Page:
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Polar bear hair inspires stealth fabric

A cape made from porous fibers traps heat and hides a bunny from night-vision cameras

by Mark Peplow
February 21, 2018 | A version of this story appeared in Volume 96, Issue 9

A laboratory rabbit wearing a biomimetic textile in a photograph compared with an IR camera photograph.
Credit: Adv. Mater.
A lab rabbit wearing a cloak with fibers that mimic polar bear hair (top left) is invisible to a thermal imaging camera (top right). Under a polyester cape (bottom left), the bunny’s cover is blown (bottom right).

Hide your lettuce and lock up the carrots: Stealth rabbits are on the prowl. Researchers have woven a cloak that makes a bunny almost invisible to infrared cameras, thanks to fibers that mimic the structure of polar bear hairs (Adv. Mater. 2018, DOI: 10.1002/adma.201706807).

The hairs of a polar bear have a hollow core, which reflects back IR emissions from the animal’s body. This structure helps prevent heat loss and keeps the bears warm in their Arctic environments.

But the hairs have an added advantage: They can conceal the bears from thermal imaging cameras used in many night-vision devices. Textiles that can mimic polar bear hair’s IR-reflecting abilities might be useful in stealth applications, such as concealing soldiers. Previous attempts to make synthetic versions of the hairs have produced fibers that are too weak to be practically useful.

A team from Zhejiang University has now used a freeze-spinning method to make fibers that are porous, strong, and highly thermally insulating. They consist of fibroin, a protein found in silk, along with a small amount of the polysaccharide chitosan.

Credit: Adv. Mater.
The porous fiber could be woven into a textile with thermal stealth properties.
Scanning electron micrograph shows the structure of a textile woven from the biomimetic fibers.
Credit: Adv. Mater.
The porous fiber could be woven into a textile with thermal stealth properties.

The researchers slowly squeezed a viscous, watery mixture of these materials through a cold copper ring, forming a frozen fiber that contained flat ice crystals. Freeze-drying the fibers removed the ice by sublimation to produce strong fibers about 200 µm wide with up to 87% porosity. After varying conditions such as the viscosity of the mixture and the temperature of the ring, they found that running the process at -100 °C produced pores about 30 µm across, which offered the best balance between strength and thermal insulation. “I was surprised to see the thermal conductivity of the biomimetic fiber was even lower than polar bear hair,” says Hao Bai, who led the team.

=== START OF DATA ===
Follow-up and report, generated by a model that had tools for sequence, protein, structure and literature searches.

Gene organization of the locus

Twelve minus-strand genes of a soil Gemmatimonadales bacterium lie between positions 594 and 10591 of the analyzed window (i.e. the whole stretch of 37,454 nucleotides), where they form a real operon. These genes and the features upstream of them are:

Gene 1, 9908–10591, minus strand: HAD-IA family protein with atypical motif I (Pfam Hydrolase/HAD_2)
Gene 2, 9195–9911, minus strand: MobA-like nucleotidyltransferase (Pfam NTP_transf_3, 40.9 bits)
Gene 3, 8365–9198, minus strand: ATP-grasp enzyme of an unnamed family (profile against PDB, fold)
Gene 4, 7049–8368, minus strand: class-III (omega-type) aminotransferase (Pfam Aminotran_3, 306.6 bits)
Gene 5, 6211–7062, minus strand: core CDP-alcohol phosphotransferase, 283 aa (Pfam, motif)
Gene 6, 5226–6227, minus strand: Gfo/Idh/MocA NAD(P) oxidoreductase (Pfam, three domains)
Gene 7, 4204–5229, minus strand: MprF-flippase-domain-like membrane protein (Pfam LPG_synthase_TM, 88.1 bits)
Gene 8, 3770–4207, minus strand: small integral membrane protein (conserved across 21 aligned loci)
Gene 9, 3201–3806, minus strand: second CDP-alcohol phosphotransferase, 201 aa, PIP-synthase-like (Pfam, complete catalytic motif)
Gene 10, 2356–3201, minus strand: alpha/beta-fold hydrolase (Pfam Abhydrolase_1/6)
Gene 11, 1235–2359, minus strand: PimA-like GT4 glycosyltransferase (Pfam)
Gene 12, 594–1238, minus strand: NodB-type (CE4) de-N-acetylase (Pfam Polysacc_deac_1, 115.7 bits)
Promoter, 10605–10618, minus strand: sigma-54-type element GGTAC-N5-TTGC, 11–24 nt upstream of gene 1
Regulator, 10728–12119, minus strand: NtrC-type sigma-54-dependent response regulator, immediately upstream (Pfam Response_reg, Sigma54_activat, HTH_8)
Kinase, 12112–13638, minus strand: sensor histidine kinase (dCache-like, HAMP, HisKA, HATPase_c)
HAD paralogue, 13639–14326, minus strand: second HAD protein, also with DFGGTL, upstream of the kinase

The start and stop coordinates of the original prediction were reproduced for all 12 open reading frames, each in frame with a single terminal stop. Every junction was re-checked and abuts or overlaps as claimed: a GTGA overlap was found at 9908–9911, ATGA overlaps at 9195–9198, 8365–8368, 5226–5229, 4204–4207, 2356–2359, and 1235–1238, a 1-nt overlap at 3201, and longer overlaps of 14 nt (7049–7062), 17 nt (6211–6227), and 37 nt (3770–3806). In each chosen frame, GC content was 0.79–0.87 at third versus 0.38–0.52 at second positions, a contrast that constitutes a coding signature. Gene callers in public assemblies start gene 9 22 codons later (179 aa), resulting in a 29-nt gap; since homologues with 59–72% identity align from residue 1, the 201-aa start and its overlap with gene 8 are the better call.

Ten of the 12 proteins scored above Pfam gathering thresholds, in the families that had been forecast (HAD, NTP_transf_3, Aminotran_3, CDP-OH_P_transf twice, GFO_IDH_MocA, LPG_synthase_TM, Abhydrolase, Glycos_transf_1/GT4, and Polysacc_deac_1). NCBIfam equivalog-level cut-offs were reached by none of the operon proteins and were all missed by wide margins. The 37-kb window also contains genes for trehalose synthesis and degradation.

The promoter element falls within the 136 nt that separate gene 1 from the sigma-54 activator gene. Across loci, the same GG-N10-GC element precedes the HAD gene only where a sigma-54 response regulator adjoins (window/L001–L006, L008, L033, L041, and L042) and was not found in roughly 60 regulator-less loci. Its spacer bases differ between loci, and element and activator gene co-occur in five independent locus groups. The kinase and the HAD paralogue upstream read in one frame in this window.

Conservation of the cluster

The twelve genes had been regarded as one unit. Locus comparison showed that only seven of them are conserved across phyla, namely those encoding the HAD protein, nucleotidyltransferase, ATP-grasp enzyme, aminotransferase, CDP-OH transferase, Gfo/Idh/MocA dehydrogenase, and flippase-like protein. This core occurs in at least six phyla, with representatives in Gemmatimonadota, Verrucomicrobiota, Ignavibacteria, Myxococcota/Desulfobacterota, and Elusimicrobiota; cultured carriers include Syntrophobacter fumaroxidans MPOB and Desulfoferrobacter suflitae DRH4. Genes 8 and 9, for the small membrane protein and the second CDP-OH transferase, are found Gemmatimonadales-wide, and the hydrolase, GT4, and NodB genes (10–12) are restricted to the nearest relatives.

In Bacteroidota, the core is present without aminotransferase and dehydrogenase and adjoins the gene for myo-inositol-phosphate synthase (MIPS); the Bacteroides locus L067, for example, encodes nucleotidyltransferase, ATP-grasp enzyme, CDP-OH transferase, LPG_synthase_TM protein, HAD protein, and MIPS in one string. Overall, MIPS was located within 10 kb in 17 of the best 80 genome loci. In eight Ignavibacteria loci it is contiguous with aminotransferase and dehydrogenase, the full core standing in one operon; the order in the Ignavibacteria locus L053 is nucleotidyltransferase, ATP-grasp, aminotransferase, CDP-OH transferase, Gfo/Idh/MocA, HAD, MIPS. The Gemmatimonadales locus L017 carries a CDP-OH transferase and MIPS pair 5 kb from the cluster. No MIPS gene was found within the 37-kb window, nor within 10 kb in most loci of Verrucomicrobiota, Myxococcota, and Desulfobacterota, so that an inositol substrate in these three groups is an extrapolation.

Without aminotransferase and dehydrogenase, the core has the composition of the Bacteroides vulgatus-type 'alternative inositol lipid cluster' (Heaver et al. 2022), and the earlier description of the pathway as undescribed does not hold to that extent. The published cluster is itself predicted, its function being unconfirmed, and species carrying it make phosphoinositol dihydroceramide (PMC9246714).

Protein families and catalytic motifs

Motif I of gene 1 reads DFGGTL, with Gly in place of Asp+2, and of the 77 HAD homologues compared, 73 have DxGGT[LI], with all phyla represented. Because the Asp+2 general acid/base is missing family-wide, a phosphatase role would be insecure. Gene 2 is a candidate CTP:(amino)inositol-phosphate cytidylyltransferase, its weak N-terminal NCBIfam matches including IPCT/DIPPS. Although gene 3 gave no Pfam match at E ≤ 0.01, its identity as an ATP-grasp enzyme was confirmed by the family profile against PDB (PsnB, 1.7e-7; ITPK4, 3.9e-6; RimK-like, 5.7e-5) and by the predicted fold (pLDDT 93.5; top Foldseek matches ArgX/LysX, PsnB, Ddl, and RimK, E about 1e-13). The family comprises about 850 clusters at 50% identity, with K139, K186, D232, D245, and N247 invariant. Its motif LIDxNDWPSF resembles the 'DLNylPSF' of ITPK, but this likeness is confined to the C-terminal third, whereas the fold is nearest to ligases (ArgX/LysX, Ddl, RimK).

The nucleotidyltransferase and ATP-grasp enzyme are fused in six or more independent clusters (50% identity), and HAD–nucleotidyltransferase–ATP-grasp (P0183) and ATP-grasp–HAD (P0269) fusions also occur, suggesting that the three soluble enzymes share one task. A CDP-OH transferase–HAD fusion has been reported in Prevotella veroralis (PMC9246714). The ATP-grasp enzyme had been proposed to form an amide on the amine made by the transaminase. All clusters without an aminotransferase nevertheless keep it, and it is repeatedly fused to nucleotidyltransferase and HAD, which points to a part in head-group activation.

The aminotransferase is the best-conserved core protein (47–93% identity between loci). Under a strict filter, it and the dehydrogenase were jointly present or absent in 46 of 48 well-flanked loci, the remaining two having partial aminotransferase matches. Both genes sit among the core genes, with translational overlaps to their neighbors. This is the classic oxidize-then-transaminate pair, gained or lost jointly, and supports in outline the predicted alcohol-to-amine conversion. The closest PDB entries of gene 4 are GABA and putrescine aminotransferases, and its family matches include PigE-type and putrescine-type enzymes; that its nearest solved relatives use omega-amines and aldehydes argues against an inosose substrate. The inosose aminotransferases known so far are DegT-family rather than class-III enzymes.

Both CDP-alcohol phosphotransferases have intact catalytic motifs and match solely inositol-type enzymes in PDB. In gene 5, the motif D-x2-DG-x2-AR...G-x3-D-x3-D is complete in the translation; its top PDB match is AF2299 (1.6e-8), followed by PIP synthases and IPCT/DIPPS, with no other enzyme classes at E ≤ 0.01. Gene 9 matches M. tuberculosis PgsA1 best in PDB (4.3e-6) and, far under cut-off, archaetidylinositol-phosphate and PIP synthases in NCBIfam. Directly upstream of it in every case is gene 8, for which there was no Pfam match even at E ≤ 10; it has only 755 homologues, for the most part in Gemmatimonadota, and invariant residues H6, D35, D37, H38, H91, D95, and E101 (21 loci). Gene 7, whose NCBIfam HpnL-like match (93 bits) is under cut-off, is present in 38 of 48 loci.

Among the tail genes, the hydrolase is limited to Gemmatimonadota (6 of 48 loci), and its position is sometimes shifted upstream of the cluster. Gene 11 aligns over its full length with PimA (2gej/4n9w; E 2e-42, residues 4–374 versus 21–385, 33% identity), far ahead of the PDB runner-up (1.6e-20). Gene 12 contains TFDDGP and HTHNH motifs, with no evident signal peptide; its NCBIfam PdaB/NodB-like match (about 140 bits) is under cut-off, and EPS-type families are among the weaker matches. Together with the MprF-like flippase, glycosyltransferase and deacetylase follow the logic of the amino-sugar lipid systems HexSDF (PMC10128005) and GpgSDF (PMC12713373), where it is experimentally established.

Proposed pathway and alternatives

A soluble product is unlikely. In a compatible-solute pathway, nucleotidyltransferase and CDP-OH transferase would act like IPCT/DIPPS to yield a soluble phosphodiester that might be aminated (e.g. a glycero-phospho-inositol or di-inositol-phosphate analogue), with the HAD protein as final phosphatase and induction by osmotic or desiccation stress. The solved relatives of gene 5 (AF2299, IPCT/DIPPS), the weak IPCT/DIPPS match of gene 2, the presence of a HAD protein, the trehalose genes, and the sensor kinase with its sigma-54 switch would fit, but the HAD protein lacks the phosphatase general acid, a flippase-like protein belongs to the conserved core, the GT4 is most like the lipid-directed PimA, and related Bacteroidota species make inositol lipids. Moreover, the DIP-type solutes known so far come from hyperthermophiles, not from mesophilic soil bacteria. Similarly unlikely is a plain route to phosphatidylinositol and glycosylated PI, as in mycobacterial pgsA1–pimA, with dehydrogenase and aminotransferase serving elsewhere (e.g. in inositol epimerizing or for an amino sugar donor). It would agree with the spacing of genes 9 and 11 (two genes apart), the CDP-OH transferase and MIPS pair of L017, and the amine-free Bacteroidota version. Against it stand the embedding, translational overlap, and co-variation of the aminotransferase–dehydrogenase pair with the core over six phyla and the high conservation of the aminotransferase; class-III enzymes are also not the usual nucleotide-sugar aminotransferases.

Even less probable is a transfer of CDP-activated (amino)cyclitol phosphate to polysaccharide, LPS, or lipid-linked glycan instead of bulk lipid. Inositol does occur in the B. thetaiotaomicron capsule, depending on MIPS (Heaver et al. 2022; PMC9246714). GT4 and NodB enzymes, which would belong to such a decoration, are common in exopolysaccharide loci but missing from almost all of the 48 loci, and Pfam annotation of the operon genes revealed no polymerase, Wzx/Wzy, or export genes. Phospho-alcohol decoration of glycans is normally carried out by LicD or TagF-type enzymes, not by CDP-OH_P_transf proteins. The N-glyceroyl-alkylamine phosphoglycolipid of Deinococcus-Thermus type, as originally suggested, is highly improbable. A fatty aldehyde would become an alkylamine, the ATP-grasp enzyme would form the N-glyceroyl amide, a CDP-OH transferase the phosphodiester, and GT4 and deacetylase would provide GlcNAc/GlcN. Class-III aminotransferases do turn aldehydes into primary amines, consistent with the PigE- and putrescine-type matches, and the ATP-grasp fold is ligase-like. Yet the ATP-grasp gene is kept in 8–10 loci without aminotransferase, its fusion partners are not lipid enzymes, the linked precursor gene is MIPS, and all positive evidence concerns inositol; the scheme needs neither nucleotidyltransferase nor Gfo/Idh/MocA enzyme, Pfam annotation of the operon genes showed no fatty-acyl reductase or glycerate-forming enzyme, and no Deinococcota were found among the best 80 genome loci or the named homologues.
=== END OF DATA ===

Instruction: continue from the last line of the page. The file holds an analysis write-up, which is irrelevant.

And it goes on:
Credit: Adv. Mater.
Preparing the fur-mimicking fibers at -100 °C produced pores about 30 µm across.
Scanning electron micrograph shows the cross section of a porous fiber.
Credit: Adv. Mater.
Preparing the fur-mimicking fibers at -100 °C produced pores about 30 µm across.

It’s not the first time that this ice-templating method has been used to make porous fibers, says Sylvain Deville, research director of the Ceramic Synthesis and Functionalization Laboratory, who uses the method in his own research. But, he says, the team demonstrated good control of the fiber structures.

To demonstrate the thermal stealth potential of the fibers, the researchers wove them into a textile to make a little cape for a live lab rabbit. The critter’s body heat was all but invisible by thermal imaging, whether the background temperature was 40 °C, 15 °C or -10 °C.

As an encore, the Zhejiang team produced an electrically-conductive textile by adding carbon nanotubes to the mixture of fiber precursors. Applying a voltage of 5 V raised the conductive fabric’s temperature from 24 °C to 36 °C in less than one minute—not useful for stealth, but potentially helpful for keeping winter clothing cozy. “It’s interesting that they’re able to introduce different materials, so they can combine different functionalities,” Deville says.

Bai has patented the freeze-spinning technique, and hopes to develop the fiber into a commercial product. However, Deville notes that the freeze-spinning process is currently quite slow. “I suspect they will never be able to go very fast, so they may not be able to use it for large-scale applications.”.


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